In politics, it’s not what you know, it’s whom you know.
That’s the logic a group of political insiders are banking on in a push to ban fracking in California, a state that appears on the precipice of a fracking boom.
A coalition of former advisers to Democratic Gov. Jerry Brown is preparing to send its old boss a letter asking him to impose a statewide moratorium on fracking unless a string of scientific studies on the drilling’s environmental consequences can be studied.
“As you read this, the oil industry is actively exploring the Monterey Shale and using unconventional, untested, and incredibly dangerous extraction techniques to squeeze more dirty oil out of California,” the advisers write.
The group is headlined by Wendy Wendlandt, former national organizer on Brown’s 1992 presidential campaign, and Michael Kieschnick, one of Brown’s former economic advisers. In an email obtained by National Journal, the duo claim to have more than a dozen former Brown advisers on board.
The insiders may have a direct pipeline to Brown, but — barring a radical departure in policy — their letter is not going to convince the governor to ban fracking.
But it does underscore a continual tension within the Democratic Party over fracking, forcing its various factions to prioritize between the increased revenue it brings to states against the environmental risks — and controversy — of a massive, and rapid, expansion of fossil fuels.
Thus far, Brown appears to be seeking a middle ground.
The governor signed a comprehensive fracking policy into law in September and is currently overseeing key provisions in that law that are set to go into effect at the start of 2014. The law requires drillers to disclose more information about their fracking practices, and it calls for a study of its environmental consequences, but it fell far short of the binding regulations green groups were pushing for.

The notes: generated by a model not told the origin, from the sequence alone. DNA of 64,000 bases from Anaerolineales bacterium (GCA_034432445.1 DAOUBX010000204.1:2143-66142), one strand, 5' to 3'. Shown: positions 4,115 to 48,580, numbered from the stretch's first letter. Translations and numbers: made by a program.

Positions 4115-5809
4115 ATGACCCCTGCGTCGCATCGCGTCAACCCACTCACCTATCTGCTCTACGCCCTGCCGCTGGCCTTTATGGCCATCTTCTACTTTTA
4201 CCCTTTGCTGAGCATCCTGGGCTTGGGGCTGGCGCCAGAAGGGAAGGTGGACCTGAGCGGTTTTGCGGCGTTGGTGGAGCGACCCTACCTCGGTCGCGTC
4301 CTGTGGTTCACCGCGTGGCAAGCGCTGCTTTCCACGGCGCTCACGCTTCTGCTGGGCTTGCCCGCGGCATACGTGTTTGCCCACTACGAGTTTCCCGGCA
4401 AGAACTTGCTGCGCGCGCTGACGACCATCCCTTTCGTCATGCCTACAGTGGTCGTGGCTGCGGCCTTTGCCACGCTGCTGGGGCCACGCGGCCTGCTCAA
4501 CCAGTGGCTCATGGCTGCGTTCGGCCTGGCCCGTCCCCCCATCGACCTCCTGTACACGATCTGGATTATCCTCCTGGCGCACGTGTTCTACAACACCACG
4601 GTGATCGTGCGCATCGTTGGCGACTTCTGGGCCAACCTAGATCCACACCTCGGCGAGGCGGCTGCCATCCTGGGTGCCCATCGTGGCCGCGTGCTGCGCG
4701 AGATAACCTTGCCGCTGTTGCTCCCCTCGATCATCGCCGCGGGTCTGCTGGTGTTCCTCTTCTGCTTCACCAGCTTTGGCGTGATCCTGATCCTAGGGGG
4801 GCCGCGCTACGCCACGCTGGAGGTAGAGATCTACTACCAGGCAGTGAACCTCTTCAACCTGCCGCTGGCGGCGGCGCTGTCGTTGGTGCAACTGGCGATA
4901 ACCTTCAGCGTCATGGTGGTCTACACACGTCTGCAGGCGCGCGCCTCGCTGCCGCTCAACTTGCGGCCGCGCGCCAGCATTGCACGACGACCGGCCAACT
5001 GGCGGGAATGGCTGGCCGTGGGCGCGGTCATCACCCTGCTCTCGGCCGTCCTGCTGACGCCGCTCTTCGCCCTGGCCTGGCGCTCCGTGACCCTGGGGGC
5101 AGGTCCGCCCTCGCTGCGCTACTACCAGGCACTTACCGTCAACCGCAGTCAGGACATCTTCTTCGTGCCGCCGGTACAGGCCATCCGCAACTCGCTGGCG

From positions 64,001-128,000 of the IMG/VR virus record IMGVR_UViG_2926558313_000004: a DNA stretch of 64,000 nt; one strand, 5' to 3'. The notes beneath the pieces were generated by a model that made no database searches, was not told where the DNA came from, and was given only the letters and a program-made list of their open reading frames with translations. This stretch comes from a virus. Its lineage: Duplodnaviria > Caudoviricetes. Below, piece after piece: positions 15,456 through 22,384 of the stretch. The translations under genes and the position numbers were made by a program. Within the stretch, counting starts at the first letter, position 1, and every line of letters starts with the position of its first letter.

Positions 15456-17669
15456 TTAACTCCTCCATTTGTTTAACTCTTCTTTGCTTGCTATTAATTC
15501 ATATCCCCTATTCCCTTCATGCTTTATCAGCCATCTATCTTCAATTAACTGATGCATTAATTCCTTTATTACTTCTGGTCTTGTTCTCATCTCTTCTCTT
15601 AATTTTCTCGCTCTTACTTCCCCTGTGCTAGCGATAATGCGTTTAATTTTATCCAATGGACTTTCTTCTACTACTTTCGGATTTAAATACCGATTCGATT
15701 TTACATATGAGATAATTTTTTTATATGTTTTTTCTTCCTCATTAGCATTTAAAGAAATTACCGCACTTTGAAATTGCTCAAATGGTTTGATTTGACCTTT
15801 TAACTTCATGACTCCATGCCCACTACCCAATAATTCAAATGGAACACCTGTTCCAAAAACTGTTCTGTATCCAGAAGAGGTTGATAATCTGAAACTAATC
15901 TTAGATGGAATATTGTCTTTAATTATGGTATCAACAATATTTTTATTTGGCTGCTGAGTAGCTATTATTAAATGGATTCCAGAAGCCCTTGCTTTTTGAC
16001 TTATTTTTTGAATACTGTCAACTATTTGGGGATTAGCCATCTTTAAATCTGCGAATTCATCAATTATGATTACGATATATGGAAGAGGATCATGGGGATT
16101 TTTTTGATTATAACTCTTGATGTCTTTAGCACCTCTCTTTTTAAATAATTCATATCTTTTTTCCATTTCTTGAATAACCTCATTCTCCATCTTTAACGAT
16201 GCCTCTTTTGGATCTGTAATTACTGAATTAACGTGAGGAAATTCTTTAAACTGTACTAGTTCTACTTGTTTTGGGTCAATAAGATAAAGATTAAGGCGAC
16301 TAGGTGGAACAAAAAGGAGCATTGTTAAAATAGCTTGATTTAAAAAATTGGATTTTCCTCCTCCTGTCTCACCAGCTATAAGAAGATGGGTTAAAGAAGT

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No matter that his recall of foreign leaders leaves something to be desired, Gary Johnson is the choice of the Chicago Tribune's editorial board. The editors argue that Donald Trump couldn't do the job of president, while hitting Hillary Clinton for "her intent to greatly increase federal spending and taxation, and serious questions about honesty and trust." Which leaves them with Johnson. "Every American who casts a vote for him is standing for principles," they write, "and can be proud of that vote. Yes, proud of a candidate in 2016."
Speaking at the funeral of former Israeli Prime Minister Shimon Peres, President Obama "compared Peres to 'other giants of the 20th century' such as Nelson Mandela and Queen Elizabeth who 'find no need to posture or traffic in what's popular in the moment.'" Among the 6,000 mourners at the service was Palestinian President Mahmoud Abbas. Obama called Abbas's presence a sign of the "unfinished business of peace" in the region.
Three million—a number that lays "bare the significant gap between Donald Trump’s bare-bones operation and the field program that Clinton and her hundreds of aides have been building for some 17 months."
In a somewhat shocking move, the Chicago Tribune has endorsed Libertarian candidate Gary Johnson for president, saying a vote for him is one that voters "can be proud of." The editorial barely touches on Donald Trump, who the paper has time and again called "unfit to be president," before offering a variety of reasons for why it can't endorse Hillary Clinton. Johnson has been in the news this week for being unable to name a single world leader who he admires, after earlier this month being unable to identify "Aleppo," a major Syrian city in the middle of the country's ongoing war.
"By all means vote, just not for Donald Trump." That's the message from USA Today editors, who are making the first recommendation on a presidential race in the paper's 34-year history. It's not exactly an endorsement; they make clear that the editorial board "does not have a consensus for a Clinton endorsement." But they state flatly that Donald Trump is, by "unanimous consensus of the editorial board, unfit for the presidency."